LHC displeased with Punjab health secy

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LAHORE – Lahore High Court (LHC) Chief Justice Ijaz Ahmed Chaudhry on Thursday expressed displeasure at the appointment of Punjab Health Secretary Fawad Hassan Fawad and summoned the Punjab chief secretary to appear in court in person today (Friday) to explain the deteriorating condition of healthcare in hospitals because of the young doctors’ strike.
The chief justice also summoned the Young Doctors Association (YDA) president to explain the legal grounds of the establishment of the association. Chaudhry said whosoever was responsible for causing the closure of hospitals would face the music. He said that within 24 hours, the chief minister had suspended officers such as commissioners but despite the passage of 36 days, the Punjab government had not taken any action against the person responsible in this case, alluding to the health secretary.
He stated that it was a complete failure on the part of Punjab government that it could not control the crisis in healthcare facilities, and that those responsible for it were playing with people’s lives. The health secretary told the court that the government had engaged the protesting doctors since the first day of the strike. He admitted that the patients had suffered because of the strike but said the government was trying its best to minimise their suffering. He said the demand of the protesting doctors was a raise in their salaries, which, at present, was impossible.
He said it would only be possible through the finance bill, which would be applicable from the next fiscal year but the doctors were demanding an immediate notification of a raise. He said the government also had to keep the salaries of the paramedic and nursing staff in view while increasing the salaries of the doctors.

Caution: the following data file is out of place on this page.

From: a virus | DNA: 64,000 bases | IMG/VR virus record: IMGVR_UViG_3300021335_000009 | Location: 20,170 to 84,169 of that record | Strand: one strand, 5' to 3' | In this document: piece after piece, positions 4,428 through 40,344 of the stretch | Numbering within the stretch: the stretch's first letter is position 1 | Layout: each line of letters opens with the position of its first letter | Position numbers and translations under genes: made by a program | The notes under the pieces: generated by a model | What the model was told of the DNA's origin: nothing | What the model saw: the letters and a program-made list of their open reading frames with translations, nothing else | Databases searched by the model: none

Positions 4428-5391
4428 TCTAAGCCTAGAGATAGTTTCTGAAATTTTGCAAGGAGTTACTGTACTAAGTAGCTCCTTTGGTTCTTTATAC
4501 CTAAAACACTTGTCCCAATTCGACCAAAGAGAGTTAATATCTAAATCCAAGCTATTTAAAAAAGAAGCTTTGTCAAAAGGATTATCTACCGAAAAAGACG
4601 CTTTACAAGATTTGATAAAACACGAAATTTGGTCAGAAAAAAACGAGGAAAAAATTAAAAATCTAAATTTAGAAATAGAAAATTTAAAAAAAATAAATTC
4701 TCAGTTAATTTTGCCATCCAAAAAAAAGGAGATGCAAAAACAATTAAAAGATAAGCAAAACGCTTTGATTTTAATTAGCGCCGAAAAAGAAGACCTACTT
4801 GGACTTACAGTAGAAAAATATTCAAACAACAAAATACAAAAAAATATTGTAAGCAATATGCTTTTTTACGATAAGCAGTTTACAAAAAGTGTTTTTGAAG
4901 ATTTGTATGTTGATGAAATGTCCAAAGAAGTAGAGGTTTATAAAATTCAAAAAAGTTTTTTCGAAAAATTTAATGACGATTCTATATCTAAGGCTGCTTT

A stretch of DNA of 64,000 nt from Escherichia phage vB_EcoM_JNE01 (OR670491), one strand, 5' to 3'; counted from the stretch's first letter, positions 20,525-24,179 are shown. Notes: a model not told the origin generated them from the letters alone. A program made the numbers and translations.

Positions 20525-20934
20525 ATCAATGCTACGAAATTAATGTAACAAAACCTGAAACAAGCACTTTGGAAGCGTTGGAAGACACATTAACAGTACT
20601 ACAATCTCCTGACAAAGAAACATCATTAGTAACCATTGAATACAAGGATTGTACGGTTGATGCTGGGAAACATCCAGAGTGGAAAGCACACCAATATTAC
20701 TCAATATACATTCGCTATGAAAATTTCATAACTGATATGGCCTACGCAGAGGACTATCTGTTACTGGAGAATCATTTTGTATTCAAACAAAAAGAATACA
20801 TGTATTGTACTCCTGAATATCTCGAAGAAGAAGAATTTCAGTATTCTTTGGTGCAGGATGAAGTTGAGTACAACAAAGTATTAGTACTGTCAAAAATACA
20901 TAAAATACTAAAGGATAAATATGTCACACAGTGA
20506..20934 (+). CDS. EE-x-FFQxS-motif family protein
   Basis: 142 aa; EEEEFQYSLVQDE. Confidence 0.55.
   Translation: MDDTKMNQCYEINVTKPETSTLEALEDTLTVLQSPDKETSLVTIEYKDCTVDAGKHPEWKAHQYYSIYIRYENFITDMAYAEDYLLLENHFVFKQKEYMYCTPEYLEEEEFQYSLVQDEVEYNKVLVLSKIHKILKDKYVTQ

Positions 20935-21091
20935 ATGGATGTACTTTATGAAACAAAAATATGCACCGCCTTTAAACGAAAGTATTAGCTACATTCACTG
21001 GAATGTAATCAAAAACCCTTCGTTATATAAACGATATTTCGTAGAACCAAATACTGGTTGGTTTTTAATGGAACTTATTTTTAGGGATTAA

Fawad told the court that when the doctors began their strike in emergency rooms on March 31, the government had restored emergency treatment within three days. He said senior doctors were also taken into confidence to bring the young doctors back to the hospitals. He said so far the government had asked some doctors from Basic Health Units to serve in emergency rooms and some of the protesting doctors had returned to work as well.
He said a meeting was being held with the protesting doctors at Chief Minister’s Secretariat at the moment and hopefully there would be a way out. Counsel for the petitioner Manzoor Qadir, a journalist, stated that young doctors were harassing the doctors who were willing to perform their duties at the hospitals and were verbally abusing female doctors to stop them from working. He claimed that 200 patients had died because of the doctors’ strike so far. He said that in 2009, some doctors were also terminated but after they submitted their apologies they were restored.
He said that after termination, the government should ban the doctors’ entry into hospitals so that smooth functioning could be restored. He said the government had given a lot of leeway to the protesting doctors who were taking the law into their own hands and endangering people’s lives. An additional advocate general appearing in court said that some doctors were inducted on an ad-hoc basis and in case the doctors did not return to the hospitals, they would treat patients at private hospitals.